Friday Harbor Laboratories

Invitation to Faculty to
Serve as a Research Mentor

Seagull on a piling in Friday Harbor

Supported by a generous donation from the Andrew W. Mellon Foundation, Friday Harbor Laboratories extends an invitation to all faculty who can provide or support diversity on our campus. We seek candidates for 2- or 3-month temporary faculty appointments at Friday Harbor Laboratories in spring, summer, or autumn quarters. Scientists from any life science discipline are encouraged to apply. There are two ways in which a temporary faculty appointment can be structured:

a. Two-month appointment in support of summer research interns in our summer REU program, with a simultaneous opportunity to conduct independent research at Friday Harbor Laboratories. Please contact FHL Administrator Scott Schwinge (schwinge@uw.edu) if you'd like to apply.

b. Three-month appointment to lead a team of research apprentices during spring or autumn quarter. A research team consists of 2 grad students, 5-8 undergraduates in a combined research effort in any science, engineering, policy or other field that can be supported at the Friday Harbor Laboratories in either Spring (late March to early June) or Autumn quarter (late September to early December).

Funding will provide for your salary, all student participants, and FHL support staff to your team, vessel time, as well as a research budget. Applicants (faculty and students) may be from any university, worldwide. Indeed, diversity and innovation in these proposals are eagerly sought.

These research apprenticeship teams have been described by participants as the single most valuable transformational experience in their university lives. Recently, the program was awarded the 2002 Brotman Prize as an innovative program with major impact upon education.

For earlier reactions, see the PI and Northwest Science and Technology [pdf 279K] articles on our Press Coverage page. These are illustrated news stories in a national newspaper and a science/technology magazine, respectively, describing public and student reaction to this new program.

Faculty concur that it is a lot of work and is extremely rewarding. We would urge you to contact any faculty person involved previously in the previous Research Apprenticeship for their reactions. FHL Director Emeritus Dennis Willows led a team of apprentices in 2000, and he reports this is a splendid way to accomplish research, to generate new ideas, and to involve students in your research enterprise in a substantive, meaningful way.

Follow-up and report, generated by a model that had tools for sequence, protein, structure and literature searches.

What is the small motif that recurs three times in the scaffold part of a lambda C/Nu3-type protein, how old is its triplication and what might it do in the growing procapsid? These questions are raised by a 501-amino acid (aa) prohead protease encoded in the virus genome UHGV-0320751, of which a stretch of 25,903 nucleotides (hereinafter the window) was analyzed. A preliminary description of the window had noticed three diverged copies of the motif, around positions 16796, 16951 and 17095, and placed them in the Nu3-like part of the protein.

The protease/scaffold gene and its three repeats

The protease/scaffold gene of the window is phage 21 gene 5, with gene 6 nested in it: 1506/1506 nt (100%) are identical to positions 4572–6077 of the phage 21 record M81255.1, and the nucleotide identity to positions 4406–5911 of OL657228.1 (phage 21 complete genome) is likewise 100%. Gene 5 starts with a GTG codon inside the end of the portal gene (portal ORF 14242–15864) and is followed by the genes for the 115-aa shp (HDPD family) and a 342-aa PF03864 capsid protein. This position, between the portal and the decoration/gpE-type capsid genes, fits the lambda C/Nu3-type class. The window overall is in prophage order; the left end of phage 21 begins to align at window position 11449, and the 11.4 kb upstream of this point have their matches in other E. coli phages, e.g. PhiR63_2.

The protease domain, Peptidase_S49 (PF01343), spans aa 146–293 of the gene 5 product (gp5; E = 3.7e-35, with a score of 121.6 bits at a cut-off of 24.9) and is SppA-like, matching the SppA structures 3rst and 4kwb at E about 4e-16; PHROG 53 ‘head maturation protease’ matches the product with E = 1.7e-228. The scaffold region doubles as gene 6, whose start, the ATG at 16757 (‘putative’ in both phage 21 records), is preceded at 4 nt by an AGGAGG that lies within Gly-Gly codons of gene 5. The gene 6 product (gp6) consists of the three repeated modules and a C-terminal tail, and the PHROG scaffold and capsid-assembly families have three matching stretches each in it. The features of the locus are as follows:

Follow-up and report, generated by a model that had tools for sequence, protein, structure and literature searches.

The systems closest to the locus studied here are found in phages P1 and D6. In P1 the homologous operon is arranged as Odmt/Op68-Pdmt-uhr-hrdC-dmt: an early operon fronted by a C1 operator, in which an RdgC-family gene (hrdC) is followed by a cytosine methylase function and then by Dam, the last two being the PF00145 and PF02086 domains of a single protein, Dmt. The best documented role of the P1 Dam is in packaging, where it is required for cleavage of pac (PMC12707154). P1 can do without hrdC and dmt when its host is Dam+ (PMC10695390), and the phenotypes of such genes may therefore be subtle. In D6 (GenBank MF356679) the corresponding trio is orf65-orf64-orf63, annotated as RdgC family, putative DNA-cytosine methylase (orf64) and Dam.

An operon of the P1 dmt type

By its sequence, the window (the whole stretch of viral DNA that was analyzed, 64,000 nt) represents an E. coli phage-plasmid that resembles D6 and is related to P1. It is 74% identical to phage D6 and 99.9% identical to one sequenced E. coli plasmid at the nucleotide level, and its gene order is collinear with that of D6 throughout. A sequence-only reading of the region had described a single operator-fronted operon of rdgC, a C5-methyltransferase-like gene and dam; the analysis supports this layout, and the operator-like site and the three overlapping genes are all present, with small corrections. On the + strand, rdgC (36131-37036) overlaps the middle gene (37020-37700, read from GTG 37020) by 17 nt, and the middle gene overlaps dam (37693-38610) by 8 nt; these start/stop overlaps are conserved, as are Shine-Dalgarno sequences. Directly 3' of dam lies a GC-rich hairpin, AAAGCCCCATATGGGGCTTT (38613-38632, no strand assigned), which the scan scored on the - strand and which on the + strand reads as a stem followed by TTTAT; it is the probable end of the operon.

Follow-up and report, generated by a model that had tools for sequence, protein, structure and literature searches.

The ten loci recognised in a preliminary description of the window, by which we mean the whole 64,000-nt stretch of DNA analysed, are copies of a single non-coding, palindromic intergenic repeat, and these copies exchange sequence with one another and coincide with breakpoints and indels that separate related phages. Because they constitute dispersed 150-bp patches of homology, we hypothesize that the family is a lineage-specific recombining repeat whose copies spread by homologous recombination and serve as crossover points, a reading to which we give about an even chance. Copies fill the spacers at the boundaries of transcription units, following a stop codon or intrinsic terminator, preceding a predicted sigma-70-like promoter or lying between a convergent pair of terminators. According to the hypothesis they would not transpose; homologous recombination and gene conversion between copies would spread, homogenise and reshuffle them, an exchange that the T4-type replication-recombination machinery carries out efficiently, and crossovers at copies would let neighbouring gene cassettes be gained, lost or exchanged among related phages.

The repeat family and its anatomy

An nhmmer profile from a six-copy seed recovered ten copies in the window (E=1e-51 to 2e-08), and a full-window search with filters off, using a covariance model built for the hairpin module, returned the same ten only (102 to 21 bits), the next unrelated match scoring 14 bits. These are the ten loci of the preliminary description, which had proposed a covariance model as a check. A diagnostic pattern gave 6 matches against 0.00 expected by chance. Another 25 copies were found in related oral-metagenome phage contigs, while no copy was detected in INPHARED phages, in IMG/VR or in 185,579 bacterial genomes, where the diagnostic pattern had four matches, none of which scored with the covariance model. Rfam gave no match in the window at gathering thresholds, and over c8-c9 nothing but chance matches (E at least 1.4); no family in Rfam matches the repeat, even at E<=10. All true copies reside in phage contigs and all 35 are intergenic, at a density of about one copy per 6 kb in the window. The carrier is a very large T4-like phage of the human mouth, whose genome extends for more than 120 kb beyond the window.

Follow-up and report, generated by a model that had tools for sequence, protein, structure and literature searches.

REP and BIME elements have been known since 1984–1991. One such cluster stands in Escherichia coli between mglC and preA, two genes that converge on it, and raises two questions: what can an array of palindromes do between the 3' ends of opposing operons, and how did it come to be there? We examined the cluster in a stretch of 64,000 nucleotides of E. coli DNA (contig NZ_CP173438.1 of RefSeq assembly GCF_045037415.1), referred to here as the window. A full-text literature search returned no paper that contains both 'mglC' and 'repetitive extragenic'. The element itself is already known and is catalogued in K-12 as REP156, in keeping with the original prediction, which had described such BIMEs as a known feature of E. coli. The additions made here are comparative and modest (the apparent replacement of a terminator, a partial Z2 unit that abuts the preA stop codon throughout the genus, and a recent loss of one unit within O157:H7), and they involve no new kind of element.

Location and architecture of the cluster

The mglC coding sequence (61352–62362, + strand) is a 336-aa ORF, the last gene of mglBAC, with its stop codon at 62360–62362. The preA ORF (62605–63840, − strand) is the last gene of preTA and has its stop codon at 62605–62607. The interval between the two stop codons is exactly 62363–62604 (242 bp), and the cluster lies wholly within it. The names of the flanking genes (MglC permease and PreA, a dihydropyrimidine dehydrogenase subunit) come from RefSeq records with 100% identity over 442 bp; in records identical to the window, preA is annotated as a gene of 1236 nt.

Refer to previous and current Research Apprenticeship programs for descriptions of projects that could serve as a model for your proposal. If you are interested, please send a 1 page proposal by April 30 of each year. A diverse national selection committee will review applications and announce teams by May 15.

To apply, please copy the application text (below) into an e-mail and send it to FHL Administrator Scott Schwinge (schwinge@uw.edu). Text copies can be sent to:

Scott Schwinge
Friday Harbor Laboratories
620 University Rd.
Friday Harbor, WA. 98250
Fax: 206-543-1273

Application:

(copy and paste the following text into an email or text document, with your answers, and send to Scott Schwinge)

Application for an Andrew W. Mellon Foundation Faculty Position

Your name, address, e-mail:

Any special constraints? Lead time, season, year, outside funding, etc.

Course name, and substantive description (a paragraph is plenty at this stage).

Please indicate for the benefit of people who don't know your field, why this course is important now, and should be offered at UW-FHL, rather than in UW-Seattle (or e.g., Denver). If you are UW faculty or staff, what does your Chair/Faculty think about this idea?

Who ought to teach it?

How many students would be registered?.

How will the course use FHL facilities in the following categories?

Diverse organisms:

Wet labs:

Research Vessel:

Dock/boats:

SCUBA:

FHL analytical gear:

Other:

 

The FHL Academic Advisory Committee that reviews this will be looking for indications that the course is fundamental and important to the education of students who are likely to become professional leaders in marine science nationally. Also, truly innovative courses, i.e., those likely to put together people and ideas that yield fresh thinking and understanding across disciplines are eagerly sought out. Because of the demand for FHL facilities, courses (even very important ones) that can be taught equally well or better elsewhere, are likely to receive a lower priority.